BC: We worked with the NCAA on the investigation, so we’ve been working with them for four or five months already. This is another big piece of information that we will continue to work with them on. But based on the information that we have and had is that, if there was something that was inappropriate in preceding years and you had student athletes that were ineligible then you vacate those wins. But there’s nothing new in this report that is significantly different or different at all from what we knew prior to this report relative to academic eligibility.
SI: Obviously there were some serious charges made by a former player, Rashad McCants, and other former players immediately denied it. What kind of reaction have you gotten from them since this came out?BC
Specifically, Ken Wainstein addressed it: As soon as Rashad made the comment that things were inappropriate we’ve reached out to him three times to try and get him to come and talk to us about what happened, what was his experience. Wainstein reached out to him multiple times. And he refuses to talk to any of us. His teammates have said that’s not their experience. As soon as he did – you know I see all those guys in the summertime and they said that’s not their experience at all. They worked hard for their degrees, they earned their degrees, they’re proud of their degrees and we’re proud of them.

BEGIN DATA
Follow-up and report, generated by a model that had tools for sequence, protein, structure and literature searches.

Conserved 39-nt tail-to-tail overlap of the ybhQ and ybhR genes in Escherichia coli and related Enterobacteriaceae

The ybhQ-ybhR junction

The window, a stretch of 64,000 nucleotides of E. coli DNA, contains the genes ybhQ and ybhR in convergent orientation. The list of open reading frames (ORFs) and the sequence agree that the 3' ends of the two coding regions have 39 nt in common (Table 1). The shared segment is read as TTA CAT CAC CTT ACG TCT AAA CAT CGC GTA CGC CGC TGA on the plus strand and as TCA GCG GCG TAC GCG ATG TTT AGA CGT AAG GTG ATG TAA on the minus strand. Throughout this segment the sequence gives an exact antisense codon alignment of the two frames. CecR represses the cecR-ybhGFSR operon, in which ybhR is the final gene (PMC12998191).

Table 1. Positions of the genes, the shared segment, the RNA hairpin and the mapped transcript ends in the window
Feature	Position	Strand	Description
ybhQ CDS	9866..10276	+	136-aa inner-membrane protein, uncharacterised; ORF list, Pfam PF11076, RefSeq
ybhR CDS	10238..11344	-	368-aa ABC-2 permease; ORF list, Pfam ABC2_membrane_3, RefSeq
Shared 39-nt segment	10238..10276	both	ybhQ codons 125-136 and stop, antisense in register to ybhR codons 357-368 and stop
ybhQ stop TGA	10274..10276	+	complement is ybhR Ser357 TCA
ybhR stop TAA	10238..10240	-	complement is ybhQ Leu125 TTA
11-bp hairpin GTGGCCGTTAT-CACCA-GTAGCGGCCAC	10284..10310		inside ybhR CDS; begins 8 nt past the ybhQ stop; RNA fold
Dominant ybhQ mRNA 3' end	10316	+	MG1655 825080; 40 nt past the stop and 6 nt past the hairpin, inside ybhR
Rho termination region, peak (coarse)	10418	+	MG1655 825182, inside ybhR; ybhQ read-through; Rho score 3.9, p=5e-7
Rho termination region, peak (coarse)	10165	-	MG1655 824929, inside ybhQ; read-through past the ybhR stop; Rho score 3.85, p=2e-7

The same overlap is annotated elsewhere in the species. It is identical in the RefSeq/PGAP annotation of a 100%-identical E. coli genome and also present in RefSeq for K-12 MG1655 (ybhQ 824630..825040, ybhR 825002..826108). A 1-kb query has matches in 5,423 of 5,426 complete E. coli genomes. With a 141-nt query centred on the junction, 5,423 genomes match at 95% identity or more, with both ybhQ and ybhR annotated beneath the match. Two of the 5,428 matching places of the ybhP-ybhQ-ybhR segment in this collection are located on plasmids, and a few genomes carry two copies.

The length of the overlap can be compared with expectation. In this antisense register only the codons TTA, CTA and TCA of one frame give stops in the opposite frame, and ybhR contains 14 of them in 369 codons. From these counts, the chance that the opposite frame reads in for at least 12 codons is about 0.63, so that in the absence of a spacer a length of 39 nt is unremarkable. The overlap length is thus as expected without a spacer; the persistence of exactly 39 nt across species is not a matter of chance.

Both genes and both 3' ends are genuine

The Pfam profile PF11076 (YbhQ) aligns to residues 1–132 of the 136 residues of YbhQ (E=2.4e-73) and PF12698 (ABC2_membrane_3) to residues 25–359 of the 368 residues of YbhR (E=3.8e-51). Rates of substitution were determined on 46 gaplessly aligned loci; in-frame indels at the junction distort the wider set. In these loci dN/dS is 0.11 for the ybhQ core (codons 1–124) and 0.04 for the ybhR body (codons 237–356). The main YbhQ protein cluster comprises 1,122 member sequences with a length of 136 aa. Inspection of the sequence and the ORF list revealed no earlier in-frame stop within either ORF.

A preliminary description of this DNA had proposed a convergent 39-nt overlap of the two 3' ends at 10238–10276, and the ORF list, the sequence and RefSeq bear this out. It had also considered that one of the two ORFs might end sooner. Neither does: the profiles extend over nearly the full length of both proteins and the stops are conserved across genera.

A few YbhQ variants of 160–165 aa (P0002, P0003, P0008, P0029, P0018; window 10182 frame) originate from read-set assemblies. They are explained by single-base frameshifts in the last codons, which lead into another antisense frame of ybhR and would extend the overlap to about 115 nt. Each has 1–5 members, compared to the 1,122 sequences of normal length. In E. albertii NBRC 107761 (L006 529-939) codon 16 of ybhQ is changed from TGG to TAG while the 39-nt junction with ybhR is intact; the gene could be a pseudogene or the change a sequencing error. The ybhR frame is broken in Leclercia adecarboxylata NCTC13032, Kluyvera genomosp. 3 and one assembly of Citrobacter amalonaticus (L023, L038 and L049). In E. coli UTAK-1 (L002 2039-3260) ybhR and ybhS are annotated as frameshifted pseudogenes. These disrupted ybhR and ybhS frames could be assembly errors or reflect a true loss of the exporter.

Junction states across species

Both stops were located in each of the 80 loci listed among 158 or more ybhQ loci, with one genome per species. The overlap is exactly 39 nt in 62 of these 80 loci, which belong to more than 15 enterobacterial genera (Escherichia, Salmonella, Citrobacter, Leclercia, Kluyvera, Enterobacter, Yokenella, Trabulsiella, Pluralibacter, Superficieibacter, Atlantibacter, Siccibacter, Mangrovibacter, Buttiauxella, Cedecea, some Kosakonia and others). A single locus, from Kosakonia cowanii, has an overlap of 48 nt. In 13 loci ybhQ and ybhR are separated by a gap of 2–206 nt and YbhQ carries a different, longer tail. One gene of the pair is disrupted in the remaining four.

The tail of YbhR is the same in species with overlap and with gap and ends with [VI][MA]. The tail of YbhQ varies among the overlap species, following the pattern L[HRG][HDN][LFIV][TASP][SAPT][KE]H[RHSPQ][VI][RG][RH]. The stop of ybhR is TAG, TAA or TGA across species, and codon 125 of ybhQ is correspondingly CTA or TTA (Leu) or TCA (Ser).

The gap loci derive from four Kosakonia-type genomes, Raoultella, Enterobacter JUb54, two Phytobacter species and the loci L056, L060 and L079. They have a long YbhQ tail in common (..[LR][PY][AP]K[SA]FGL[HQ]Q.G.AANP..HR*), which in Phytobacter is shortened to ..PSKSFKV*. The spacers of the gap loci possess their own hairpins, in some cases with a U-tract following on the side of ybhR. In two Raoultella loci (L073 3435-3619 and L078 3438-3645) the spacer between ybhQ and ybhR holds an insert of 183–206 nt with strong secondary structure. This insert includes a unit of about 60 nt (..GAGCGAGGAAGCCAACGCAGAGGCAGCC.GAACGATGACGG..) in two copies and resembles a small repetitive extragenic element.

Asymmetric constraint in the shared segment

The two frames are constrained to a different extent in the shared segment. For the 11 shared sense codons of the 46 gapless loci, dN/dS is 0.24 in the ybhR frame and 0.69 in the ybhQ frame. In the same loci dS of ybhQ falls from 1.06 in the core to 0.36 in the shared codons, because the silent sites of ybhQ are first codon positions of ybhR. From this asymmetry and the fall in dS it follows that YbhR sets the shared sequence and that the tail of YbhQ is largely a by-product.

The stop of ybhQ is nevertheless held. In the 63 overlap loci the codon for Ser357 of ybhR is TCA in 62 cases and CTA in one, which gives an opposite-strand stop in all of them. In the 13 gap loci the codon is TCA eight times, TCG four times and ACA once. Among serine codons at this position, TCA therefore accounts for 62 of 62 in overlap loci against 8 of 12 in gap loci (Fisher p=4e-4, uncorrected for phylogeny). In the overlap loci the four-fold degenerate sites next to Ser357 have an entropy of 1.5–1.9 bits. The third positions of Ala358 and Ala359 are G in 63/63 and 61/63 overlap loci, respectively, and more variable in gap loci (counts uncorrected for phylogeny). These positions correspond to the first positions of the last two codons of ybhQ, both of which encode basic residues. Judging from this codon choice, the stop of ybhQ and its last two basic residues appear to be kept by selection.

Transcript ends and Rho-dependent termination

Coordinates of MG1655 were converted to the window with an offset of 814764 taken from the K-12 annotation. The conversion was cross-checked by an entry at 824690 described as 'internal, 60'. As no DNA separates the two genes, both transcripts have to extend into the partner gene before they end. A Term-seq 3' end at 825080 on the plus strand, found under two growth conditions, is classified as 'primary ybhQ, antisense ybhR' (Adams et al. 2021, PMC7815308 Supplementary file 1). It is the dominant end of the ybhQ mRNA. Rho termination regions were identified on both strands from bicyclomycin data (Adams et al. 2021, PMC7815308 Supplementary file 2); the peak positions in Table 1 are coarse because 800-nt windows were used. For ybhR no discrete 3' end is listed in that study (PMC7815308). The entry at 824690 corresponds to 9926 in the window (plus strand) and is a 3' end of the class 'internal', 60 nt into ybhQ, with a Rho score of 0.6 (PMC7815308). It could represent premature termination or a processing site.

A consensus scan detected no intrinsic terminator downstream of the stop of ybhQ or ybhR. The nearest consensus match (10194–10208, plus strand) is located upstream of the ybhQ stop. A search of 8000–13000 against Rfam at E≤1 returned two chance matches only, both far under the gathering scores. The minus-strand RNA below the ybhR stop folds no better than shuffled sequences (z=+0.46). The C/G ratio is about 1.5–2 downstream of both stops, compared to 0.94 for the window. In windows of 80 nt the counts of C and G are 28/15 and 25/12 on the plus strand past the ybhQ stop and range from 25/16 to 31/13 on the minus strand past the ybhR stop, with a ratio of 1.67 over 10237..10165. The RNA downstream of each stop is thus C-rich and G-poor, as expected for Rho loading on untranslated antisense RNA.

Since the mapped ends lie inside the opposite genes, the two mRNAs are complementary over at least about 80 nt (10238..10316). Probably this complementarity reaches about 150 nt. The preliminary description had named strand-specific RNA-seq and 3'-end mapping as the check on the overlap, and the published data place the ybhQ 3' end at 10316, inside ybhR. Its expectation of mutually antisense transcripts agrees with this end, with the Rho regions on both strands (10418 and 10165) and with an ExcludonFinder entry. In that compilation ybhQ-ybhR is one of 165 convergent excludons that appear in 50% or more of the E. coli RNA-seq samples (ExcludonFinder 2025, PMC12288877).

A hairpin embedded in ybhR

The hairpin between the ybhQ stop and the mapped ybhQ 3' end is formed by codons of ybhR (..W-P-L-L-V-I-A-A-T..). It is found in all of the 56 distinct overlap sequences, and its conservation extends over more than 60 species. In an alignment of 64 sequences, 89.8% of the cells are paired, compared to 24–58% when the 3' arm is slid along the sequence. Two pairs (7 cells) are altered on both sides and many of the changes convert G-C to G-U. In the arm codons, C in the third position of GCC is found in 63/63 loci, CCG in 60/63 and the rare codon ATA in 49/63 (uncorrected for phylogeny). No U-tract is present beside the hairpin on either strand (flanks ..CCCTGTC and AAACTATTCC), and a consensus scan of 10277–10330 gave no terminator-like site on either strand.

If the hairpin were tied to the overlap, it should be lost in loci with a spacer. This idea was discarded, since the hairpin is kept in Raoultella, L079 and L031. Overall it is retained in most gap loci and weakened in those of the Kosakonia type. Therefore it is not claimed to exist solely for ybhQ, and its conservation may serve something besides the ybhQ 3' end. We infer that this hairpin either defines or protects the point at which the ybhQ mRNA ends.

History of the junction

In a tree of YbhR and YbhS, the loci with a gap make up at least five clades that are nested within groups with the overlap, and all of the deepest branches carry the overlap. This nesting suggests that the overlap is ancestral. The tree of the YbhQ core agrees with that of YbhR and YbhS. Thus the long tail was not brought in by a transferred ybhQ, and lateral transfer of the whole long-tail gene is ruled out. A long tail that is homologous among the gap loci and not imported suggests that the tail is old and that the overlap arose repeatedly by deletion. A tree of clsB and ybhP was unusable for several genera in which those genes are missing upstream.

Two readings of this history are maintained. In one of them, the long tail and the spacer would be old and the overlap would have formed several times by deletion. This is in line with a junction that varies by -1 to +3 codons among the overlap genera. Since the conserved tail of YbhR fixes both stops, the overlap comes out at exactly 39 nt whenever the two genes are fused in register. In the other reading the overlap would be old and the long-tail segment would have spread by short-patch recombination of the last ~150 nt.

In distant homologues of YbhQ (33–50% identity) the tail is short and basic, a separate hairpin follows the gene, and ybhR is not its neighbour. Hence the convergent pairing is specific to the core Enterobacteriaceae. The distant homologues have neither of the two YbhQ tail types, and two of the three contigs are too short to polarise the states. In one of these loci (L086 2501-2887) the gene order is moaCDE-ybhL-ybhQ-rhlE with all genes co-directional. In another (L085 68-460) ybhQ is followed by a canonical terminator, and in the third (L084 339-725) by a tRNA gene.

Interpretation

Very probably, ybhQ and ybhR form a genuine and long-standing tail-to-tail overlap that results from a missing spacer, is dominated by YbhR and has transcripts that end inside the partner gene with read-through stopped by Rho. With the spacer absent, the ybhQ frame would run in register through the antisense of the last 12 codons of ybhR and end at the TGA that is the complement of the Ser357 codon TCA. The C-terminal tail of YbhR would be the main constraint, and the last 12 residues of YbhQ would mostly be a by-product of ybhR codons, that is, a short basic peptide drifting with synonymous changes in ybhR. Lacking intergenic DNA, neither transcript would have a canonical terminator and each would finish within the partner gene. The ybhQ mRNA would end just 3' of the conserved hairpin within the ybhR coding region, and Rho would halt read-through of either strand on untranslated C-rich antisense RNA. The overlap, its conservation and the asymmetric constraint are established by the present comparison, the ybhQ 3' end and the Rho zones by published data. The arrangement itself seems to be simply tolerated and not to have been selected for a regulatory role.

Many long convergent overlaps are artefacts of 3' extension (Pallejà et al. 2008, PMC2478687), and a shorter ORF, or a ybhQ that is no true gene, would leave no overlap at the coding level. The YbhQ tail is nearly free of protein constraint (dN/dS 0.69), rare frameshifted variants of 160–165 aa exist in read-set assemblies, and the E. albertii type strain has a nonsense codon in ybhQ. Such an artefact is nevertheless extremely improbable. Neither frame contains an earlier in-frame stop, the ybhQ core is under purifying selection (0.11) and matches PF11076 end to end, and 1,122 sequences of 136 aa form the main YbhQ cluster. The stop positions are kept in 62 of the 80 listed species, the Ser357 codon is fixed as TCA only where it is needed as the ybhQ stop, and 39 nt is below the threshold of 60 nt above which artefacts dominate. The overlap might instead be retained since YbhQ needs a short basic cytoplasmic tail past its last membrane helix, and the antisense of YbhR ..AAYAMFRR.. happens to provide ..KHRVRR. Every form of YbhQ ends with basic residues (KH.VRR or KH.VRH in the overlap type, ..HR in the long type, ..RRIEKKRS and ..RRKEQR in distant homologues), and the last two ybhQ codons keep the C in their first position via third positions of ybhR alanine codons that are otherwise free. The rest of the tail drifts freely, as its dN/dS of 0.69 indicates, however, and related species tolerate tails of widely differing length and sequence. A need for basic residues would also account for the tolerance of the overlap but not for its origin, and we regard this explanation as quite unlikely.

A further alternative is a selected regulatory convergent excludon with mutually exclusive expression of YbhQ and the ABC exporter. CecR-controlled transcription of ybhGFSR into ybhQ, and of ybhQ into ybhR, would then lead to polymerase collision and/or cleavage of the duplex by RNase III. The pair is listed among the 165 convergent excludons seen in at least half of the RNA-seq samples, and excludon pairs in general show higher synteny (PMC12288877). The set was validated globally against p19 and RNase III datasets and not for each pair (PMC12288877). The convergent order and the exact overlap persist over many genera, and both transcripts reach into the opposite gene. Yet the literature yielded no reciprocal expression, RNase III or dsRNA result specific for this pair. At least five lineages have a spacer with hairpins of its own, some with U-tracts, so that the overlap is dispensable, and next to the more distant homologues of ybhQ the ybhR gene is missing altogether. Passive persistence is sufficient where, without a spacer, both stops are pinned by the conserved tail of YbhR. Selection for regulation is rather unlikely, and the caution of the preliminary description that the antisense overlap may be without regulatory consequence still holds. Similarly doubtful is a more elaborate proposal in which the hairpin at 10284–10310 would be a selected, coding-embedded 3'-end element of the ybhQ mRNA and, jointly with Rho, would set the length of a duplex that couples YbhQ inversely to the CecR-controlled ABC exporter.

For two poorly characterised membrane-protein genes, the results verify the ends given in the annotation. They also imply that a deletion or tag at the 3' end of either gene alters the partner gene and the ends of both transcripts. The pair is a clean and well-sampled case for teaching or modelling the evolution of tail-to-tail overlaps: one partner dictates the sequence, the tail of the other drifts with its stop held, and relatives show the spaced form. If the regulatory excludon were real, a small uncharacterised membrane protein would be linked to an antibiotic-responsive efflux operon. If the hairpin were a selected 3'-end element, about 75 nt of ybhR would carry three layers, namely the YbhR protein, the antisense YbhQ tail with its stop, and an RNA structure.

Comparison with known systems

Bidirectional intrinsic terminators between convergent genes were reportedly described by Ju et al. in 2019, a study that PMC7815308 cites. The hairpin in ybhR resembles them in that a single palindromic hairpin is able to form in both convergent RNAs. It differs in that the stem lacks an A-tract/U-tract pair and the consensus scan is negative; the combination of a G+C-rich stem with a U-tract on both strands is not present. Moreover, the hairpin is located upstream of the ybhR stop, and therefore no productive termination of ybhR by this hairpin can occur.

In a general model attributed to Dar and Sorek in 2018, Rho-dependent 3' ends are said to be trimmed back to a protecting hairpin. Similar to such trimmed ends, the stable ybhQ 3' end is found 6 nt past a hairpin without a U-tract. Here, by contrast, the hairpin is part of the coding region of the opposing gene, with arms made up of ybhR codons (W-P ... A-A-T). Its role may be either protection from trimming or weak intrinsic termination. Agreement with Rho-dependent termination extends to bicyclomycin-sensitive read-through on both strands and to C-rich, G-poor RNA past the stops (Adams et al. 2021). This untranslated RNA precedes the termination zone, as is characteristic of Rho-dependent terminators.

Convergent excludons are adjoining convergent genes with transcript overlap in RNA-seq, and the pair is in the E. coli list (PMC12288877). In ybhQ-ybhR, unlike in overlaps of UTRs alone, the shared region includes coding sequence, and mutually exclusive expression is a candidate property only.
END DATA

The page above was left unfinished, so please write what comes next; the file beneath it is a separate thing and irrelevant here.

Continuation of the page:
SI: Are you worried that he or other players will have more to say about this that you aren’t aware of?
BC: No, I’m not. Not at all. This thing was exhaustive. And he had a chance to say whatever he wanted to say. Multiple people reaching out to him trying to get him to talk on the record with substance so we could verify what he’s saying, and he refuses to do that.
Debbie [Crowder] had a bad experience and felt like we spent too much time on the best and brightest, as she put it, and she wanted to help those that didn’t get the attention she thought she should have gotten. And that wasn’t necessarily student-athletes. I think that’s been lost in the story as well. Ken Wainstein was very explicit in saying that if it was any student that had a challenge or a troubled background or a need she felt a real desire to help. And she put a lot of student athletes in that same category because of their time commitments and other things in their lives. Nationally the story has been, hey this is a student athlete thing. According to the two people that Ken interviewed or at least my interpretation of Ken’s interviews, these were people that were trying to provide help.
SI: It was pretty clearly illegal though, right? Debbie would know that that’s not something she’s allowed to do: assign, authorize, enroll, grade, any of those kinds of things, that that was beyond her pay grade, experience, education, anything, to be involved in something like this, despite whatever her best intentions might have been. It went beyond the notion that there could have been an independent study class, which every school has, to something that no one had ever heard of before.